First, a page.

The Frugal Car Owner: How to Rotate Your Tires

RelayRides automotive expert, Brad Iger, shares his latest tips to save cash on car care with advice on how to rotate your own tires (no pit crew required.) 

Continuing in our series of low-cost maintenance guides, this week we’ll be covering how to rotate your tires. As we’ve mentioned before, your tires are one of the most vital components on your vehicle, as they’re the point of contact your car has with the road. Ideally, you should rotate your tires every time you change your oil – approximately every six months or 7500 miles. Doing so will not only ensure that you get the maximum amount of life out of tires, but will also give you a chance to make sure your rubber is in proper shape in terms of tire pressure and damage that might cause problems down the road. So without further ado, let’s get wrenchin’.

What You’ll Need

Fortunately, rotating your tires is not complicated. All you’ll need in terms of tools is a large racket, a socket set (or the particular socket that fits your lug nuts), a good tire jack, two jack stands and a place to work on your vehicle. Once you’ve collected the necessary items, you’re ready to get to work.

Figure Out the Rotation Pattern

For the majority of tires, you’ll be using a diagonal pattern. The front driver’s side will be swapped with the rear passenger tire and the front passenger side will be swapped with rear driver’s side wheel.

If your vehicle uses directional tires–high performance tires designed to be mounted with the tire tread pointed in a specific direction – you’ll be swapping the driver’s side front with the driver’s side rear and the passenger front wheel with the passenger rear wheel. These tires are far less common and if your vehicle has them, you’ll likely know it. Ok, it’s time to rotate.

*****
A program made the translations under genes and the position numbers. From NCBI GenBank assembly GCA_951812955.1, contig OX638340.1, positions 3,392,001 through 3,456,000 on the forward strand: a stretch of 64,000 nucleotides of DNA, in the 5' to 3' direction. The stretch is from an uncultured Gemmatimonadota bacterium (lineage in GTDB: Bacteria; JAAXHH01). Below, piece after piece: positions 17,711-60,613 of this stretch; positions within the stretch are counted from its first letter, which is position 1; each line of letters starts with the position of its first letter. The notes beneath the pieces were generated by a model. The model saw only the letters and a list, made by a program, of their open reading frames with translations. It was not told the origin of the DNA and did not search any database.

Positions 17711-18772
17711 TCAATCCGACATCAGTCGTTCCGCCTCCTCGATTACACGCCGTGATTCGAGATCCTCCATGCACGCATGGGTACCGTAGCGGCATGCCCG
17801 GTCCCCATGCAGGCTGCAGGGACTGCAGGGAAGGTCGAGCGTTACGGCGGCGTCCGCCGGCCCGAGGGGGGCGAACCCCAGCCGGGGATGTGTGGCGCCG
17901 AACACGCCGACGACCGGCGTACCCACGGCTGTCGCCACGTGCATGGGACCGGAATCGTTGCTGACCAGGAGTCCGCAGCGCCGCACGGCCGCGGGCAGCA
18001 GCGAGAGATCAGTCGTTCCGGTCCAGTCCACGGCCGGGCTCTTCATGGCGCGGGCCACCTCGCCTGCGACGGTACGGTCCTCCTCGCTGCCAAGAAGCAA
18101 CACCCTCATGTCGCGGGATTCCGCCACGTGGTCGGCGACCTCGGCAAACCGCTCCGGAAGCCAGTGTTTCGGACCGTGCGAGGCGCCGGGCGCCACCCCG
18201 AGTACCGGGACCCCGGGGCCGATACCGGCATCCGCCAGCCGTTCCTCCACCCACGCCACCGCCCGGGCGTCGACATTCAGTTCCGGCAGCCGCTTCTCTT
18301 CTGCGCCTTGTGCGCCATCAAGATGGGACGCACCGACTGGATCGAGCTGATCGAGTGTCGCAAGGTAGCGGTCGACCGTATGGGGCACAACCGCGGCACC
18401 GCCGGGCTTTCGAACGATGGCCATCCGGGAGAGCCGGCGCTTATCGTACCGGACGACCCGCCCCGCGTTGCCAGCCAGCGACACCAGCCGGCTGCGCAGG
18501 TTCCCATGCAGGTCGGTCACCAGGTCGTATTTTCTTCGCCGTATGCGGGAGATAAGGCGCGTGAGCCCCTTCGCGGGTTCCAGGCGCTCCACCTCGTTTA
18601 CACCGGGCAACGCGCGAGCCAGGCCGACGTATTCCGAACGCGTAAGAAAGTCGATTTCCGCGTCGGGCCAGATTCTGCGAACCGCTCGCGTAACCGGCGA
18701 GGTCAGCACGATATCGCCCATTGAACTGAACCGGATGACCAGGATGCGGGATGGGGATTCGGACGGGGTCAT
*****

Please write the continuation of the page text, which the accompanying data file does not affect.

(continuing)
Loosen the Lugs and Raise the Vehicle

Before you put the car in the air, you’ll need to loosen the lug nuts to finger-tight tension. If the wheel doesn’t have the resistance of the vehicle’s weight on the tire, it’s much more difficult to take the lug nuts off and remove the wheel.

Raise It Up

After that’s done, use the tire jack (or preferably, a floor jack) on the lifting point specified in the owner’s manual. Using other parts of the car to lift the vehicle can cause damage to your car and/or your person, so don’t do it. Once you’ve lifted the vehicle into the air high enough that the tire is a few inches off the ground, place a jack stand on the lift point next to the tire jack and lower the car onto the jack stand.

Lift the other side of the car, again utilizing the lift point specified in manual. Place a jack stand under the car on the lift point next to the tire jack and lower that side of the car onto the tire jack. Remove the lug nuts for each of the wheels you have lifted off the ground and swap the wheels, tightening the lug nuts to a finger-tight tension. Repeat the process for the other two wheels.

Tighten It Up

Once all four wheels are back on the ground, it’s time to tighten the lugs again. Use a diagonal “star” pattern when tightening the lug nuts – do not tighten them in a clockwise or counter clockwise pattern as this will cause some nuts to be tighter than others and can lead to damage to the rotating parts of the wheel assembly.

As soon as you have all the lug nuts are properly tightened on all the wheels you’re all done. Using the proper tools, the entire process should take you less than half an hour.

Keep an eye out for more upcoming Frugal Car Owner guides that will help keep your car on the road and money in your pocket!